The first five books of the Old Testament lay the foundation on which the rest of Scripture stands. Its great themes, epochal events and towering figures set down vectors on which the biblical story is played out. The very shape of the rest of the Old Testament would collapse were the Pentateuch to be removed. The structure of New Testament thought would be barely intelligible without it.
Here we meet the great ancestral figures of Israel–Abraham, Isaac and Jacob–and the towering figure of Moses, whose presence dominates four of these five books. The creative act of God, the paradisal garden, the exile of Adam and Eve, the judgment of the great flood, the call of Abraham from among the nations, the covenant of Abraham, the exodus from Egypt, the giving of the law at Sinai, the plan of the tabernacle, the varied experiences of Israel in the wilderness, and the announcement of the covenant blessings and curses–all of these and more contribute to a work of world-formative power. This dictionary explores the major themes and contours of the Pentateuch.
Behind and beneath the grandeur of the Pentateuch, issues of historicity have both puzzled and beckoned. But whereas in the mid-twentieth century many English-speaking scholars were confident of archaeological support for the patriarchal accounts, the climate has now changed. In the most extreme cases, some contemporary scholars have radically challenged the antiquity of the ancestral stories, arguing for their final composition even as late as the Hellenistic era. This dictionary examines and weighs the historical issues and poses possible solutions.
The documentary hypothesis, the former reigning critical consensus, is now widely rumored to be on life support with no heir apparent. Meanwhile, conservative scholars reconsider what indeed a claim to Mosaic authorship should entail. This dictionary offers an assessment of the array of questions surrounding these issues and considers some possible ways forward for evangelical scholarship.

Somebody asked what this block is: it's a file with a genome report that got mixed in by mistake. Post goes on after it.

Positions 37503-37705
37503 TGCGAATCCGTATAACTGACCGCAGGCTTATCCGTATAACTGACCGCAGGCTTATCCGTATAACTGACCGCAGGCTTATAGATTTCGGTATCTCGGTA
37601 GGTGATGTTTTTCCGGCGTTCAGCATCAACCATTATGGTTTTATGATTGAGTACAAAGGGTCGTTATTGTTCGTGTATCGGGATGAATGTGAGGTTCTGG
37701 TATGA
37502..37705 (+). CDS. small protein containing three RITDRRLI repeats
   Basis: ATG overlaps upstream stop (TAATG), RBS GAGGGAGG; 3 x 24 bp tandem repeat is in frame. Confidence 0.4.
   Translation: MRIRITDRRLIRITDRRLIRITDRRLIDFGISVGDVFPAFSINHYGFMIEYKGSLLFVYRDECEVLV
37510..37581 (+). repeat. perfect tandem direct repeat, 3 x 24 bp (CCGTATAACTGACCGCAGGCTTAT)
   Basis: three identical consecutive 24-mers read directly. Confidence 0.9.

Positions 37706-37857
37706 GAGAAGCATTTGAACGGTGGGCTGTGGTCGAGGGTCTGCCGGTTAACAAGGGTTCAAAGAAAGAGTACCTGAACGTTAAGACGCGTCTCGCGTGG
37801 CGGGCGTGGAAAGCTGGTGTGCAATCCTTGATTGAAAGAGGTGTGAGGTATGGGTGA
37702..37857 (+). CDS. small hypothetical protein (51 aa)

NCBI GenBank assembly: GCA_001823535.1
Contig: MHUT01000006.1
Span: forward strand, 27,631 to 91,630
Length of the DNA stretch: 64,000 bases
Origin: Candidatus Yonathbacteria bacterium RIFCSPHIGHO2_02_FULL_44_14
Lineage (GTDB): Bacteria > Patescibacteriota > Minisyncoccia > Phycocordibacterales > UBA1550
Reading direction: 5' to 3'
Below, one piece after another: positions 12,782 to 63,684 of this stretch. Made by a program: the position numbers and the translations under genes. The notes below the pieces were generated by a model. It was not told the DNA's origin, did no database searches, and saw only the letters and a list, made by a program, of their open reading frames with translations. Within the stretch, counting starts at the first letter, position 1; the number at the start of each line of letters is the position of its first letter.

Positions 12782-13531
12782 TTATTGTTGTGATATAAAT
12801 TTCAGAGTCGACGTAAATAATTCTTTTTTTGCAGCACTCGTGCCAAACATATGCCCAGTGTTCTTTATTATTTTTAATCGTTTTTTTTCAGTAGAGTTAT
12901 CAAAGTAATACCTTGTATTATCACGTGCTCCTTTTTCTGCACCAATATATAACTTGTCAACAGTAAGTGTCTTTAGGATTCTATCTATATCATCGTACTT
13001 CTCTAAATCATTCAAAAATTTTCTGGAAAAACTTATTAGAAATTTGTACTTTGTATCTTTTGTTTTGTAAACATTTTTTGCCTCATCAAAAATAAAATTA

At the same time, there has been a fruitful turning to the nature, message and art of the received text of the Pentateuch. Literary studies of brief episodes, sprawling sagas, complex narrative and even the fivefold composition of the Pentateuch itself have delivered promising and exciting results. This dictionary offers both appreciative panoramas and close-up assessments of these developments and their methods.
The Dictionary of the Old Testament: Pentateuch is the first in a four-volume series covering the text of the Old Testament. Following in the tradition of the four award-winning IVP dictionaries focused on the New Testament and its background, this encyclopedic work is characterized by close attention to the text of the Old Testament and the ongoing conversation of contemporary scholarship. In exploring the major themes and issues of the Pentateuch, editors T. Desmond Alexander and David W. Baker, with an international and expert group of scholars, inform and challenge through authoritative overviews, detailed examinations and new insights from the world of the ancient Near East.
The Dictionary of the Old Testament: Pentateuch is designed to be your first stop in the study and research of the Pentateuch, on which the rest of the Bible is built.